My previous post was full of facts. Bure hit top ten in the league scoring race twice in his time here. Both Naslund and Henrik did that three consecutive seasons. I've never once said Bure lacks talent or wasn't exciting . I simply question whether that's enough reason to retire his number. Ignorance is ignoring facts. Which appears to be your department.

Naslund and H Sedin never scored 60 goals in a season or even 50 .

Didn't you say something about ignoring facts ?
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#216 Baggins

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Posted 13 November 2012 - 04:25 AM

Naslund and H Sedin never scored 60 goals in a season or even 50 .

Didn't you say something about ignoring facts ?


Both played more than double the number games here plus there's Pearson, Art Ross and Hart.

I'm not ignoring anything. Actually I have mentioned his 60 goals in this thread....
http://forum.canucks...r/page__st__210


The way I see it, there were several reasons to retire the Smyl, Linden, and Naslunds numbers. Length of service, high level of play, community service, long term captains, franchise records. I've only seen one reason to retire Bures. High level of play. I just don't see that as enough of a reason for a guy that only played a little more than 400 games here. You see I'm not ignoring anything. I'm looking at the overall picture of Bure's time here. Other than talent, I don't see much on the checklist.
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#217 TOMapleLaughs

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Posted 13 November 2012 - 10:09 AM

Bure owns the Canuck franchise records for:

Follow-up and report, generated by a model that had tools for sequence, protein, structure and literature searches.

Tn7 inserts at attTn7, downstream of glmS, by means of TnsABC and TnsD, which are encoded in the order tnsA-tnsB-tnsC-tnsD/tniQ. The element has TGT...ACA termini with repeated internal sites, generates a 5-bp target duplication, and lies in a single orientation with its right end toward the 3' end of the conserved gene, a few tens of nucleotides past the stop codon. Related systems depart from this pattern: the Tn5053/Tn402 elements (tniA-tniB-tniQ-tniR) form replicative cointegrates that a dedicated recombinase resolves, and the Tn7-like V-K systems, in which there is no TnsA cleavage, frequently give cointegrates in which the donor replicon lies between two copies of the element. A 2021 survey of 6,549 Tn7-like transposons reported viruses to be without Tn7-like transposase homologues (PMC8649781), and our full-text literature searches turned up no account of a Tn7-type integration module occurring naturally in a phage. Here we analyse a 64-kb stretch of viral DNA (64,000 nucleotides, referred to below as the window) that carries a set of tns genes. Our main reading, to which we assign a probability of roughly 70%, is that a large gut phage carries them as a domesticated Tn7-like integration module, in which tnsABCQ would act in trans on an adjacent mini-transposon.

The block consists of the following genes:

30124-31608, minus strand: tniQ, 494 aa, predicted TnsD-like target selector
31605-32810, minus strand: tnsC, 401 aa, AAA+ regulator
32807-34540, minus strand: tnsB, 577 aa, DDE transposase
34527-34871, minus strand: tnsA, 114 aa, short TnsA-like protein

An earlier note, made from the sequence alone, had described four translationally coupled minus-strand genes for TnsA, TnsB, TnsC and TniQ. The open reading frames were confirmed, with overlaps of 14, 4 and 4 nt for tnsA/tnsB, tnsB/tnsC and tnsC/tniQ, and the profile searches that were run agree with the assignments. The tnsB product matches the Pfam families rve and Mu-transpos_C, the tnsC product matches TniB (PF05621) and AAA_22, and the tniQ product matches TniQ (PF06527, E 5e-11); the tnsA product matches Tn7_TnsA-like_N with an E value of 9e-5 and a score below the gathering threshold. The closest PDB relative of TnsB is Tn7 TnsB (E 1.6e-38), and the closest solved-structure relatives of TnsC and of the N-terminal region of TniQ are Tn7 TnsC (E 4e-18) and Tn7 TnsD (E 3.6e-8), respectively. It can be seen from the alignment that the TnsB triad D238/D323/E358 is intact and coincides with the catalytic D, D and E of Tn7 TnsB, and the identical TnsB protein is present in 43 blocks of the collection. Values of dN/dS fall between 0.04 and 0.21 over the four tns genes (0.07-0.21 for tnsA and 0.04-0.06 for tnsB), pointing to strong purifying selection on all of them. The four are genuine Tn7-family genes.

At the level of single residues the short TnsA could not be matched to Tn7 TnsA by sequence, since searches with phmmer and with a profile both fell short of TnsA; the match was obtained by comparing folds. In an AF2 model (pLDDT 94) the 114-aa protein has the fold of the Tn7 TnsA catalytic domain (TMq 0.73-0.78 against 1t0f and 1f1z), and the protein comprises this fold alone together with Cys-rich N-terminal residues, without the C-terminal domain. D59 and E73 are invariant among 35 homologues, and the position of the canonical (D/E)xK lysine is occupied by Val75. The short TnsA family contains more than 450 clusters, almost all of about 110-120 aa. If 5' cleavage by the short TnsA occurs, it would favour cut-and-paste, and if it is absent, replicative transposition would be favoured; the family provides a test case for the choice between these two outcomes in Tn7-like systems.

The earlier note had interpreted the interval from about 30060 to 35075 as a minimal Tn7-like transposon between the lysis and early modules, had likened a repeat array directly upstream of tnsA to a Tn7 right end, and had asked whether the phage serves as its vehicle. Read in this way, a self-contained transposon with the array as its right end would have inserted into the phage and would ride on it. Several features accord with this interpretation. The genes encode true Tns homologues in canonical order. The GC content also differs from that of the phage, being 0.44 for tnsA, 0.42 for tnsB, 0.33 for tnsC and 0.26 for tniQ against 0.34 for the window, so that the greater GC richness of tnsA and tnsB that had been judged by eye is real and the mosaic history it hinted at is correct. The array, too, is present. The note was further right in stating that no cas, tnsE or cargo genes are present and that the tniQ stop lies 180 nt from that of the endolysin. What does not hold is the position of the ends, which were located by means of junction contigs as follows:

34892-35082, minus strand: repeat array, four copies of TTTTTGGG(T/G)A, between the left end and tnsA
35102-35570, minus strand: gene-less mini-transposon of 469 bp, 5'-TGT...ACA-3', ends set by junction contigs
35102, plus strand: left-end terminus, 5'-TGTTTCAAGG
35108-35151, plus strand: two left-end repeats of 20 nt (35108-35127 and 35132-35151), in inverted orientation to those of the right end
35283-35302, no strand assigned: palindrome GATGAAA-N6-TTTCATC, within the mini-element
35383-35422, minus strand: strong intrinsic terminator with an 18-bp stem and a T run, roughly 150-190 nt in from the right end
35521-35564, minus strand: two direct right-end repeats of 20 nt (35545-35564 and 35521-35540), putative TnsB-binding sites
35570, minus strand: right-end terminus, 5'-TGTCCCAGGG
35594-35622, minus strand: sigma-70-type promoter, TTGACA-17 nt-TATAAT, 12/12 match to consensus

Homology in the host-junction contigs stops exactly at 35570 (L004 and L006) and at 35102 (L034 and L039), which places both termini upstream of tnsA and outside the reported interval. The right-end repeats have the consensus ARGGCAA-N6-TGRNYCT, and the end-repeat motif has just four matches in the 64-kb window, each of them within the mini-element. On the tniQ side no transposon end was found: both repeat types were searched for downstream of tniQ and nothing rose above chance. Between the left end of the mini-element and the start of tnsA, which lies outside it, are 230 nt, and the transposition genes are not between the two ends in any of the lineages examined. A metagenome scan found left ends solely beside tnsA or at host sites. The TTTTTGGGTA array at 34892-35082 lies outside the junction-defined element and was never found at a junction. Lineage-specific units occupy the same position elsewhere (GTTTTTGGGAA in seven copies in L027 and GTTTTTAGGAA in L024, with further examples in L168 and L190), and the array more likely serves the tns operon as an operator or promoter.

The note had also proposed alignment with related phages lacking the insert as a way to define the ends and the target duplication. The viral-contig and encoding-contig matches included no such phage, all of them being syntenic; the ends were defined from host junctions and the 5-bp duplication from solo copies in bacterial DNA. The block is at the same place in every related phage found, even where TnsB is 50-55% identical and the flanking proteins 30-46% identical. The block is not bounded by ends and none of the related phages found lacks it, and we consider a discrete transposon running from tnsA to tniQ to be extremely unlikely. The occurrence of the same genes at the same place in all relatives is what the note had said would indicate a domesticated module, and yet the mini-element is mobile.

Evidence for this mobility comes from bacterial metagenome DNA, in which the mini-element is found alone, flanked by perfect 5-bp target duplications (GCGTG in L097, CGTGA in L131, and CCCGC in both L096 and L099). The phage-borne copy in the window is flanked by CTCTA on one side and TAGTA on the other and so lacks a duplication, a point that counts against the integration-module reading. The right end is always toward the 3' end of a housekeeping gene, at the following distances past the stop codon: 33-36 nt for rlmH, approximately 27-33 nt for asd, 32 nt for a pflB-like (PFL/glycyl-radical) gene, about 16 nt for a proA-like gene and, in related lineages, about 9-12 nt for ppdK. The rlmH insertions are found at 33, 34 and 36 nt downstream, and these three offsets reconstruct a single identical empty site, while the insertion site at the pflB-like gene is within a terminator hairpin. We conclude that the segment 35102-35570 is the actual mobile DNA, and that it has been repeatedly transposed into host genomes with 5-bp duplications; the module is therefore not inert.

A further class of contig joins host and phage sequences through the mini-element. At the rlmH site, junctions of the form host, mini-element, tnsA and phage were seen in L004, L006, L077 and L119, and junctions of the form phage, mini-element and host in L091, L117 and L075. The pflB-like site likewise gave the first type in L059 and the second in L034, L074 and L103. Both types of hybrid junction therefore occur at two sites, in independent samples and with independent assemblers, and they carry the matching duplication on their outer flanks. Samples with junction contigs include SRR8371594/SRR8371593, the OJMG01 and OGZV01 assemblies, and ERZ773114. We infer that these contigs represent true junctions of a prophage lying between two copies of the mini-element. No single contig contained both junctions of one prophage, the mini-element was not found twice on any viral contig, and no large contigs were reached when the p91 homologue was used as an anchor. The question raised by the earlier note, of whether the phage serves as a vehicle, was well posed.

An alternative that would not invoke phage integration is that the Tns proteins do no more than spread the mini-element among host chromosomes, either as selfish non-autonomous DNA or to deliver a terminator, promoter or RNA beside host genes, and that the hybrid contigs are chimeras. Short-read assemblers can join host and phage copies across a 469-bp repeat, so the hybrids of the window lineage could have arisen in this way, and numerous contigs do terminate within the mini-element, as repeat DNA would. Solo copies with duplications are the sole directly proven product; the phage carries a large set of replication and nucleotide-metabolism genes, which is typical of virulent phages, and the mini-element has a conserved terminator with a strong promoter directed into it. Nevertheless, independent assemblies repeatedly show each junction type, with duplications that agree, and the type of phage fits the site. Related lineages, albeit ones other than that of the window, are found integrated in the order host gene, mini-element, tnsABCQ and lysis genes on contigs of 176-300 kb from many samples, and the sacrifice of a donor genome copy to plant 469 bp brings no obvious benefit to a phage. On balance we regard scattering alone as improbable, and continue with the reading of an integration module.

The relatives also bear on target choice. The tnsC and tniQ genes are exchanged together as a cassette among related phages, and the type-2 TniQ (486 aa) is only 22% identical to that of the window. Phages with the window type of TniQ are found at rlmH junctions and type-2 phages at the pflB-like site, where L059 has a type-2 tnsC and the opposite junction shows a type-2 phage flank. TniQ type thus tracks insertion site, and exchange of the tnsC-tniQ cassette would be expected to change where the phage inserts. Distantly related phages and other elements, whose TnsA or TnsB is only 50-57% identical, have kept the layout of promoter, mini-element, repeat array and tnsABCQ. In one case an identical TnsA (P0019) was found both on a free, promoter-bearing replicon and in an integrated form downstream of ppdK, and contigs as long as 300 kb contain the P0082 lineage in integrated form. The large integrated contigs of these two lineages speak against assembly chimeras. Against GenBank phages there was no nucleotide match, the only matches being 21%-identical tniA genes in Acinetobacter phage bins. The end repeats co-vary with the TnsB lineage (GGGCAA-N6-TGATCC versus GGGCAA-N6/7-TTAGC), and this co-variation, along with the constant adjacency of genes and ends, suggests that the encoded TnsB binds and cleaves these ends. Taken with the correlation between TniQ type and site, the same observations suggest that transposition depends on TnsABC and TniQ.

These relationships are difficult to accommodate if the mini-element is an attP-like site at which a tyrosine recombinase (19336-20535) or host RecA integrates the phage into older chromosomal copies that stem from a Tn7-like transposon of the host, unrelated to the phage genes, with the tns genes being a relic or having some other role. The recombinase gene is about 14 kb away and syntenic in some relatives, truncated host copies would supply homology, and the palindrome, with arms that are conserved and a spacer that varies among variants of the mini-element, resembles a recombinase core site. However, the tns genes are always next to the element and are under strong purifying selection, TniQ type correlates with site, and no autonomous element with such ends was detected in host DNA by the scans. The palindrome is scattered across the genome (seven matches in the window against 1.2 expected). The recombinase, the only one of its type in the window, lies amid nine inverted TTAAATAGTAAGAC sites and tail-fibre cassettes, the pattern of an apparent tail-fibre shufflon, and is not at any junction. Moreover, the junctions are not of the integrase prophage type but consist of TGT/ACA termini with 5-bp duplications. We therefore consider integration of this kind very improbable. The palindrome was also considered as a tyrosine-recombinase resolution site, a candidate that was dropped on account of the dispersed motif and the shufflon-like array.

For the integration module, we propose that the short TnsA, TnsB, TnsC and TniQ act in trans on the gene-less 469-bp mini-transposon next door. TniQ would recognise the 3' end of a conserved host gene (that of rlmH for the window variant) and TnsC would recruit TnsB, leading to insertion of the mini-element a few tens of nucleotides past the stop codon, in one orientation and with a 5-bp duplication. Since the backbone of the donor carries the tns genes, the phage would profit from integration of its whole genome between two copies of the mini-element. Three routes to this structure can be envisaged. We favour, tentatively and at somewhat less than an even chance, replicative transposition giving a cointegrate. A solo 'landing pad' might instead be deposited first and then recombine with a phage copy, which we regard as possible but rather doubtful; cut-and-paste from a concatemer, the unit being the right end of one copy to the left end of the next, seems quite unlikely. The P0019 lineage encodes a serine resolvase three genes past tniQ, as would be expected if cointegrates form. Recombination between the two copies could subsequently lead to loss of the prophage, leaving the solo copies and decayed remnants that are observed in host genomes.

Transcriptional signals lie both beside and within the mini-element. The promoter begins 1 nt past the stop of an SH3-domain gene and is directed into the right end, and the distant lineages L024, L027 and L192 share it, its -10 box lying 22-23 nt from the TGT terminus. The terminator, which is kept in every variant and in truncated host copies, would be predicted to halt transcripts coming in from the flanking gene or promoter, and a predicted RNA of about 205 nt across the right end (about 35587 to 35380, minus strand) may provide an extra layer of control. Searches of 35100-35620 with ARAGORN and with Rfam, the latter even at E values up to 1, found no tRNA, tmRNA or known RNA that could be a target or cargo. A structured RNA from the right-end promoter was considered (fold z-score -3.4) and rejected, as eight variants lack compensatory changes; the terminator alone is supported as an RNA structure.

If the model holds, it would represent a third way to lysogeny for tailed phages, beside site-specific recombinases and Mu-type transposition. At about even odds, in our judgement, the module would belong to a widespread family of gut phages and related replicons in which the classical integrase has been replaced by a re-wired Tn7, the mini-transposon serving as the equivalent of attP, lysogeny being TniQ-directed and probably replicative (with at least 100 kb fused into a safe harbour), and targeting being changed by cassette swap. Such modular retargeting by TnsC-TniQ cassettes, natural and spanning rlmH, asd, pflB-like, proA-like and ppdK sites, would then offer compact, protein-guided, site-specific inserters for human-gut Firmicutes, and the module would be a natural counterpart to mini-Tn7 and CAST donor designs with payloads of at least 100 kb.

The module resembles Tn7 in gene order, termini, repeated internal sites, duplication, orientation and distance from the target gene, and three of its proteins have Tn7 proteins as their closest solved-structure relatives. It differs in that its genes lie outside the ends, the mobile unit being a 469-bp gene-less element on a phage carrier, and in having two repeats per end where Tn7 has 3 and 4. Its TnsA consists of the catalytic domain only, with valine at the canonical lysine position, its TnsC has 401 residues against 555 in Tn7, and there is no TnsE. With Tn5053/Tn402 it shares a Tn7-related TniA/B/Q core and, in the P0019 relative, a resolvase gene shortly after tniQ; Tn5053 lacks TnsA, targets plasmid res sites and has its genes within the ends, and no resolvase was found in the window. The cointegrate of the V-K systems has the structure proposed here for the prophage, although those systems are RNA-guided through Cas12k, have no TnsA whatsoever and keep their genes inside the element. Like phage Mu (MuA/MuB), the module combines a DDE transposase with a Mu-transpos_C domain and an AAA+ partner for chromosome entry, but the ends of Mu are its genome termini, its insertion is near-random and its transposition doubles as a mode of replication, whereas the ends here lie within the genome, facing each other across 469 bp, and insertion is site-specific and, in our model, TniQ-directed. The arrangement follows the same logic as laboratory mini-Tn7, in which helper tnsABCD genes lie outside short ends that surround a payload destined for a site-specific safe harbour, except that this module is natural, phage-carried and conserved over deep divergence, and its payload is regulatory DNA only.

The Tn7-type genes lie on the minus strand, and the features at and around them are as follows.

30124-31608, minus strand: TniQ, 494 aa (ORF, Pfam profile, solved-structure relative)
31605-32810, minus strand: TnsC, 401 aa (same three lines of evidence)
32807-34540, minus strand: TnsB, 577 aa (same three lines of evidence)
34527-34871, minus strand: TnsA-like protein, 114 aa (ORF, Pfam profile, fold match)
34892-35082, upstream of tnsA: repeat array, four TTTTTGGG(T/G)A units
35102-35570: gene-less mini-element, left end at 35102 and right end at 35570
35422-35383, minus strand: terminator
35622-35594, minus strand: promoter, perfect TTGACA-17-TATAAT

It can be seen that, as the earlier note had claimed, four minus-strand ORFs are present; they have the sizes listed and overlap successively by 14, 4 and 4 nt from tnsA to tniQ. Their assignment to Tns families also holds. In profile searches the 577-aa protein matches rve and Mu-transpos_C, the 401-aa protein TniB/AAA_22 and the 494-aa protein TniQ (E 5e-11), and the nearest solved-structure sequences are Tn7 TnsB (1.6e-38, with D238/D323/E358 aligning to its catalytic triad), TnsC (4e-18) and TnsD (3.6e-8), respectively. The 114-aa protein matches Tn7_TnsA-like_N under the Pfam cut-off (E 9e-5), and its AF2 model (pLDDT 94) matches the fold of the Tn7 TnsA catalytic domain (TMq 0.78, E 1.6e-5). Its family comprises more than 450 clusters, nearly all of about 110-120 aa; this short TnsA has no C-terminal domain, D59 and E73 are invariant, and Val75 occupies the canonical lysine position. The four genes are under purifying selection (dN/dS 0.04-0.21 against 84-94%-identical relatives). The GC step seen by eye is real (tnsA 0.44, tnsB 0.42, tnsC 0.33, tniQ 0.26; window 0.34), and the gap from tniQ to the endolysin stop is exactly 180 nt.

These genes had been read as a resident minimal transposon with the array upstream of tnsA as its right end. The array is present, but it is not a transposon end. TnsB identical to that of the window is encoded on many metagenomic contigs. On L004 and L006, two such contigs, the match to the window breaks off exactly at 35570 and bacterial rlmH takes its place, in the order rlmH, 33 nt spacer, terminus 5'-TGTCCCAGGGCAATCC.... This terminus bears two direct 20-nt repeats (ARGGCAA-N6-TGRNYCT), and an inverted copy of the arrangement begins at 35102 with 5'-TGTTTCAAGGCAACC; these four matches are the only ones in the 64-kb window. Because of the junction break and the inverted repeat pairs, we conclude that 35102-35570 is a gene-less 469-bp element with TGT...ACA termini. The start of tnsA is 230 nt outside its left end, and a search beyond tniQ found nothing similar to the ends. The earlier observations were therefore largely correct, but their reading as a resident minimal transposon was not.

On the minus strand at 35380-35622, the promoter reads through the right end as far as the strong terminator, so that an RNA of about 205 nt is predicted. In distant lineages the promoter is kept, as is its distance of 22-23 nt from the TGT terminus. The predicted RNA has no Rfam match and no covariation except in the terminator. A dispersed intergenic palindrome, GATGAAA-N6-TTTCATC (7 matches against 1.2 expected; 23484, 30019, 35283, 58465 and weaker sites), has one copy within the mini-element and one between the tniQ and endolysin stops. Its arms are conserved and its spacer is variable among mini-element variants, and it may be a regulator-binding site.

-most goals in a season
-most goals in a playoff run
-most points in a playoff run
-most points as a rookie (shared).
-most short-handed goals as a Canuck
-most goals and points scored per game as a Canuck (ahead of Tanti and Gradin, respectively)

He is also
-2nd in all-time Canuck playoff goals behind Trevor.
-3rd in all-time Canuck playoff points behind Henrik and Trevor.
-7th in all-time Canuck career points, despite playing 200-600 less games than guys above him.
-5th in all-time Canuck career goals, despite playing 400-600 less games than guys above him.


He didn't just play at a 'high level' for us. He played at a 'superstar level' for us.

So if we're 'lowering the bar' for a Bure jersey retirement here, Baggins, it is really all that low? The clubs' only superstar isn't good enough to hang beside Smyl, who owned those career Canuck franchise records only because he hung around long enough? With all due respect to The Steamer, his jersey hanging up just marks how pathetic we were during his time here. Bure changed all that.

(Heh. Watch Florida retire his jersey too.)
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#218 nuck7635

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Posted 13 November 2012 - 10:31 AM

Bure owns the Canuck franchise records for:

-most goals in a season
-most goals in a playoff run
-most points in a playoff run
-most points as a rookie (shared).
-most short-handed goals as a Canuck
-most goals and points scored per game as a Canuck (ahead of Tanti and Gradin, respectively)

He is also
-2nd in all-time Canuck playoff goals behind Trevor.